I'm Losing You

I'm Losing You

by Bruce Wagner

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“A writer without mercy . . . this book is like a wire stretched across the throat.” —Oliver Stone

In an epic novel that does for Hollywood what Nashville did for Nashville, I’m Losing You follows the rich and famous and the down and out as their lives intersect in a series of coincidences that exposes the


“A writer without mercy . . . this book is like a wire stretched across the throat.” —Oliver Stone

In an epic novel that does for Hollywood what Nashville did for Nashville, I’m Losing You follows the rich and famous and the down and out as their lives intersect in a series of coincidences that exposes the “bigger than life” ferocity of Hollywood—and proves that Bruce Wagner is a talent to be reckoned with.  Wagner, author of the novel Dead Stars, examines the psychological complexities of Hollywood reality and fantasy, soaring far beyond the reaches of Robert Stone's Children of Light and Nathaniel West's The Day of the Locust.

Editorial Reviews

Publishers Weekly - Publisher's Weekly
More soap opera than satire, screenwriter Wagner's wildly uneven second novel (after Force Majeure) presents a wide spectrum of loosely connected characters and situations. Set in contemporary Hollywood, the novel's ensemble cast ranges from budding movie stars and high-powered agents to ambitious masseuses and a New Age homeless woman, with such real-life celebrities as Alec Baldwin and Richard Dreyfuss making cameo appearances. Disparate tales are partially connected through several Hollywood dynasties that interact throughout the novel as Wagner performs a ruthless and occasionally quite sharp dissection of Hollywood's caste system. He is at his best when delineating the hierarchy and competitive paranoia of Tinseltown, and there are occasional moments of pathos in his presentation of the psychic toll of ambition. But many of Wagner's characters are stock types who never rise above clich, and much of his humor is correspondingly obvious: it takes more than contempt for one's characters to make an effective satirist. He also takes the low art of name-dropping to new depths, with such obsessive cataloging of celebrities and pop-culture icons that the book begins to read more like a fan magazine than a novel. Likewise the vast cast and lack of central incident, reminiscent of Robert Altman's film Short Cuts, which are unredeemed by any overarching vision. (July)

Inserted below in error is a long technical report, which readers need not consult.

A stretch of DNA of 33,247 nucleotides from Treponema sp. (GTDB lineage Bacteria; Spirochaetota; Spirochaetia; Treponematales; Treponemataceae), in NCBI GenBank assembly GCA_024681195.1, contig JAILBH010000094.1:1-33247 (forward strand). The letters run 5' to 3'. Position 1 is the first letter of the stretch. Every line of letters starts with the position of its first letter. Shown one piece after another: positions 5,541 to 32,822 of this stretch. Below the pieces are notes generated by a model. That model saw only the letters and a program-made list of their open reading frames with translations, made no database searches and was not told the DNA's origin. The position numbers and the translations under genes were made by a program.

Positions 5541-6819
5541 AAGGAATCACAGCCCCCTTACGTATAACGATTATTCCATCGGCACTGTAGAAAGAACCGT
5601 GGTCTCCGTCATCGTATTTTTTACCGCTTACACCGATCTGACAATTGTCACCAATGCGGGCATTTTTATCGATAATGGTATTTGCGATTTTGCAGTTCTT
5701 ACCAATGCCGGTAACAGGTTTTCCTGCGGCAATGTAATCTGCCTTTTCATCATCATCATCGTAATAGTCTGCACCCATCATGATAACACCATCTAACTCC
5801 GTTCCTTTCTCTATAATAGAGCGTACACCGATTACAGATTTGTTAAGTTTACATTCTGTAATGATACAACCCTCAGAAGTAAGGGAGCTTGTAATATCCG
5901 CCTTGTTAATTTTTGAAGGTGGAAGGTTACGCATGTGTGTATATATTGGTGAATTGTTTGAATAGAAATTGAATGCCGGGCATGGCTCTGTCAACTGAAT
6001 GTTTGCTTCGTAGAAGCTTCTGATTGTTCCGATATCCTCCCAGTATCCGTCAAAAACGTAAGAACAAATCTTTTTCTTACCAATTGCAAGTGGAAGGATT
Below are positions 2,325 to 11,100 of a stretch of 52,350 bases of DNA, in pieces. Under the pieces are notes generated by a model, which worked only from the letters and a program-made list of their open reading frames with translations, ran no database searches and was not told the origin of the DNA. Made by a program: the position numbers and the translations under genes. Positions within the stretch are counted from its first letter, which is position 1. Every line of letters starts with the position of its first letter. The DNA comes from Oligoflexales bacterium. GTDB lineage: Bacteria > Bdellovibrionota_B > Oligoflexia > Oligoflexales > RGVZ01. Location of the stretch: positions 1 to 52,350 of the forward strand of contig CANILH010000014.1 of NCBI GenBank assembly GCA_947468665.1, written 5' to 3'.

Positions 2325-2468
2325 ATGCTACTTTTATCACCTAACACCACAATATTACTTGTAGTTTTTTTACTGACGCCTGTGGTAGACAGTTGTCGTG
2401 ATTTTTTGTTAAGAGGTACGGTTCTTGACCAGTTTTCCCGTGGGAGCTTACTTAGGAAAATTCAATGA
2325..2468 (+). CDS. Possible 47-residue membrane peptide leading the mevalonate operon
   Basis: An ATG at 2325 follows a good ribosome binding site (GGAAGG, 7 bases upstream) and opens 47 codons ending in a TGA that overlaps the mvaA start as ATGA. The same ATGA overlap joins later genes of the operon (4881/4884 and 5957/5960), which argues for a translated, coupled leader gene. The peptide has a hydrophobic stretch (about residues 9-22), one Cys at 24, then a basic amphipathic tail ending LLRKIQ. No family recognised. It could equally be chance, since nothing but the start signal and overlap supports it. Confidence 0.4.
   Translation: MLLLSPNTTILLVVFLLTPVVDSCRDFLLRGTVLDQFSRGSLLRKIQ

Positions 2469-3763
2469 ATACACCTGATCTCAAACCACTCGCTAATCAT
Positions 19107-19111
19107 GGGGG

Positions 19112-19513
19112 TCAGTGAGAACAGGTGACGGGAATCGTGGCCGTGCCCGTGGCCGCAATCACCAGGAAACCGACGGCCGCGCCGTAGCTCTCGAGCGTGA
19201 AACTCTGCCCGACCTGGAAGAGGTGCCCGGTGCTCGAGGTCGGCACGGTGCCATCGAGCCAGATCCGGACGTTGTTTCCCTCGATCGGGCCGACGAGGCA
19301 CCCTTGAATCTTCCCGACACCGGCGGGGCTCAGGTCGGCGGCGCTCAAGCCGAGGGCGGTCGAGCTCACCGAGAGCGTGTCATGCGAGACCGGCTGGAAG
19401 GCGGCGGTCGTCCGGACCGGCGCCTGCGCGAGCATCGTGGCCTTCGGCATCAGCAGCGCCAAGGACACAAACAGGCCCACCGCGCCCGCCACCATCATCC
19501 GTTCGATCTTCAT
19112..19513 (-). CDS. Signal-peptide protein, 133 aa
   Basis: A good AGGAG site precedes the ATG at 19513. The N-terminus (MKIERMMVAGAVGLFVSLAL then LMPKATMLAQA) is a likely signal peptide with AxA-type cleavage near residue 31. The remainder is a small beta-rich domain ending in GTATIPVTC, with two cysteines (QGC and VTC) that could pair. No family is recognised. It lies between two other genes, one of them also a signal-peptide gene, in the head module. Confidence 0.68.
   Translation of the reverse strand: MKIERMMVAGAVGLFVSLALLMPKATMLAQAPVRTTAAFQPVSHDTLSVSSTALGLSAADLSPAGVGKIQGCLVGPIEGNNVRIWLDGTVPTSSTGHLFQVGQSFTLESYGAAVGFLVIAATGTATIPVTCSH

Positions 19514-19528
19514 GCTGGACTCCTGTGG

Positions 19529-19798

Library Journal
L.A. bte noire Wagner (TV's Wild Palms) is back, having another go at Hollywood and its scuzzy bottom-feeders, which, if he is to be believed, includes everyone: the players (some of whom are real people) and the played-upon. He spares no one hereexcept perhaps smart-ass social critic novelistsand scathingly covers the field from the scourge of AIDS to zombie movies. The book is a little too delirious for its own good, but the author is consistent and manages to keep his often horrifying characters churning above the wake of his perfervid prose in good soap-opera fashion. Wagner is like Kerouac on brand names and movie lore. If the author can be described as using a sniper's rifle in his excellent novel Force Majeure (St. Martins, 1991), here he wields a sawed-off shotgun, but with less success. The results are often obscene and more often very, very funny, although not for the faint-hearted. Most large fiction collections will want this.David Bartholomew, NYPL
Dwight Garner
Well, here comes the it book of late summer, anointed with flecks of beach water by John Updike in The New Yorker and by The New York Times, which recently featured Wagner in a rare daily author profile. For a second-time novelist -- Wagner is also the author of the cult hit Force Majeure (1991) -- this one-two PR whammy is the equivalent of a film star landing the covers of Vanity Fair and Newsweek.

Here's a heads-up, however, from someone who recently spent eight hours with I'm Losing You, in his lap: Don't buy the buzz, and forgive Updike the (rare) critical misfire. I'm Losing You is indeed caustic and intermittently brilliant, but any stray fireworks are buried beneath mountains of gassy chat, unfiltered gossip and 100-proof psychobabble.